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Can Newly Identified Transcription Factors Improve iPSC Reprogramming?

Review of "Identification of potential transcription factors that enhance human iPSC generation" from Scientific Reports by Stuart P. Atkinson

While a range of somatic cells can be reprogrammed into induced pluripotent stem cells (iPSCs) via the ectopic expression of a small number of factors, such as OCT4, SOX2, KLF4, and MYC [1, 2], the process remains inefficient [3]. Furthermore, cellular phenotypes and mutations associated with different diseases can negatively influence the reprogramming process [4]; therefore, many have sought novel means of improving this process in healthy and diseased cells.

In a recent study from the laboratories of Mohamed M. Emara (Qatar University) and Sara A. Abdulla (Hamad Bin Khalifa University, Doha, Qatar), researchers hoped to define factors that regulate the reprogramming of cells isolated from Parkinson's Disease patients. As reported in their most recent article [5], Swaidan et al. now establish that regulating the expression of GBX2, NANOGP8, SP8, PEG3, and ZIC1 may represent a means to improve the generation of iPSCs.

The authors studied the reprogramming process using dermal fibroblasts isolated from familial and sporadic Parkinson's disease patients using an RNA-sequencing platform and noted the altered expression of a range of genes in fully reprogrammed iPSC colonies that appeared to enhance the process. Specifically, the authors sought to understand why one of the Parkinson's disease cell samples reprogrammed at a higher rate when compared to other patient samples and healthy controls.

Identified and validated transcription factors whose overexpression correlated with increased reprogramming included GBX2 (Gastrulation Brain Homeobox 2), SP8, ZIC1, and NANOGP8 (Nanog Homeobox Retrogene P8), while PEG3 (Paternally-expressed gene 3) repression associated with improved reprogramming. Of note, previous studies had indicated a pluripotency-related function for GBX2 [6], ZIC1 [7], SP8 [8], and PEG3 [9], thereby providing credence to these findings. Fascinatingly, the study also revealed that these transcription factors played crucial roles in maintaining pluripotency/self-renewal and interacted with key members of the pluripotent transcription factor network, such as OCT4, SOX2, NANOG, and KLF4.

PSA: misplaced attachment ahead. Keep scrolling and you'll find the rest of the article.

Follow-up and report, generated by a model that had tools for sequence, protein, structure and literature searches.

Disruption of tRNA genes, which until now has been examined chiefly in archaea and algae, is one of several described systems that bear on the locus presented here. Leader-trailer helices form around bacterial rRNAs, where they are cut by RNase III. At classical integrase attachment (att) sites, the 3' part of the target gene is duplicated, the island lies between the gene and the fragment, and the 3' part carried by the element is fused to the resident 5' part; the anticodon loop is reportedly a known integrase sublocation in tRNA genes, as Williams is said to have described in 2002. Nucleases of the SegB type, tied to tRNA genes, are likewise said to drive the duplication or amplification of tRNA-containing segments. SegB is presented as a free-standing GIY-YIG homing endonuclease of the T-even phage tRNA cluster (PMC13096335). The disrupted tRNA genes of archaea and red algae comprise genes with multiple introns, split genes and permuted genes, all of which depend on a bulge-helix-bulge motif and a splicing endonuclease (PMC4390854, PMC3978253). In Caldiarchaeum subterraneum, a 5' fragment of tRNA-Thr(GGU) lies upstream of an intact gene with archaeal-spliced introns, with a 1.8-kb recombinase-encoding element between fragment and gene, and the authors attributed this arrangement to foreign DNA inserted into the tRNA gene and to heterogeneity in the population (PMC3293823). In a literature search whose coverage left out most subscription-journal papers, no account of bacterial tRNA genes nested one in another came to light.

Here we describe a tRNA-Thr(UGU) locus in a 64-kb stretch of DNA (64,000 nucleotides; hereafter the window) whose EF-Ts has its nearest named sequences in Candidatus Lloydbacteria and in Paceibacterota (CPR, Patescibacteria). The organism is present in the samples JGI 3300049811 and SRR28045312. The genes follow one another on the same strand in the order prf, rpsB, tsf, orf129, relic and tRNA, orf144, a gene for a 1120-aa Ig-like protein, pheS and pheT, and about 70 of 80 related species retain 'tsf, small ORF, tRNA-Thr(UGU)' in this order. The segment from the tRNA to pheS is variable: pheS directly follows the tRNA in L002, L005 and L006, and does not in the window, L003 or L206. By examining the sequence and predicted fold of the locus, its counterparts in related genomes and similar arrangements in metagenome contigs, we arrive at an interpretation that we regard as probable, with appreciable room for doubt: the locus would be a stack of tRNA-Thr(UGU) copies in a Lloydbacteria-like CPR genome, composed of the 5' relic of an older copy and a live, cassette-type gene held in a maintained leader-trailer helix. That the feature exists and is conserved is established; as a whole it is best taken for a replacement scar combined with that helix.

In summary, the authors believe that the modulated expression of these transcription factors may permit increased efficiency reprogramming of somatic cells from healthy and diseased patients when used alongside traditional reprogramming strategies; however, they do point to the need to fully understand the mechanisms of action of these factors during the reprogramming process.

For more on the transcription factors that may improve iPSC reprogramming and bring their progeny closer to therapeutic applications, stay tuned to the Stem Cells Portal!

References

  1. Takahashi K, Tanabe K, Ohnuki M, et al., Induction of Pluripotent Stem Cells from Adult Human Fibroblasts by Defined Factors. Cell 2007;131:861-872.
  2. Takahashi K and Yamanaka S, Induction of Pluripotent Stem Cells from Mouse Embryonic and Adult Fibroblast Cultures by Defined Factors. Cell 2006;126:663-676.
  3. Karagiannis P, Takahashi K, Saito M, et al., Induced Pluripotent Stem Cells and Their Use in Human Models of Disease and Development. Physiological Reviews 2018;99:79-114.
  4. Hayashi Y, Human mutations affecting reprogramming into induced pluripotent stem cells. AIMS Cell and Tissue Engineering 2017;1:31-46.
  5. Swaidan NT, Salloum-Asfar S, Palangi F, et al., Identification of potential transcription factors that enhance human iPSC generation. Scientific Reports 2020;10:21950.
  6. Tai C-I and Ying Q-L, Gbx2, a LIF/Stat3 target, promotes reprogramming to and retention of the pluripotent ground state. Journal of Cell Science 2013;126:1093.
  7. Bogliotti YS, Wu J, Vilarino M, et al., Efficient derivation of stable primed pluripotent embryonic stem cells from bovine blastocysts. Proceedings of the National Academy of Sciences 2018;115:2090.
  8. Xu Z, Robitaille AM, Berndt JD, et al., Wnt/beta-catenin signaling promotes self-renewal and inhibits the primed state transition in naive human embryonic stem cells. Proc Natl Acad Sci U S A 2016;113:E6382-E6390.
  9. Theka I, Sottile F, Aulicino F, et al., Reduced expression of Paternally Expressed Gene-3 enhances somatic cell reprogramming through mitochondrial activity perturbation. Scientific Reports 2017;7:9705.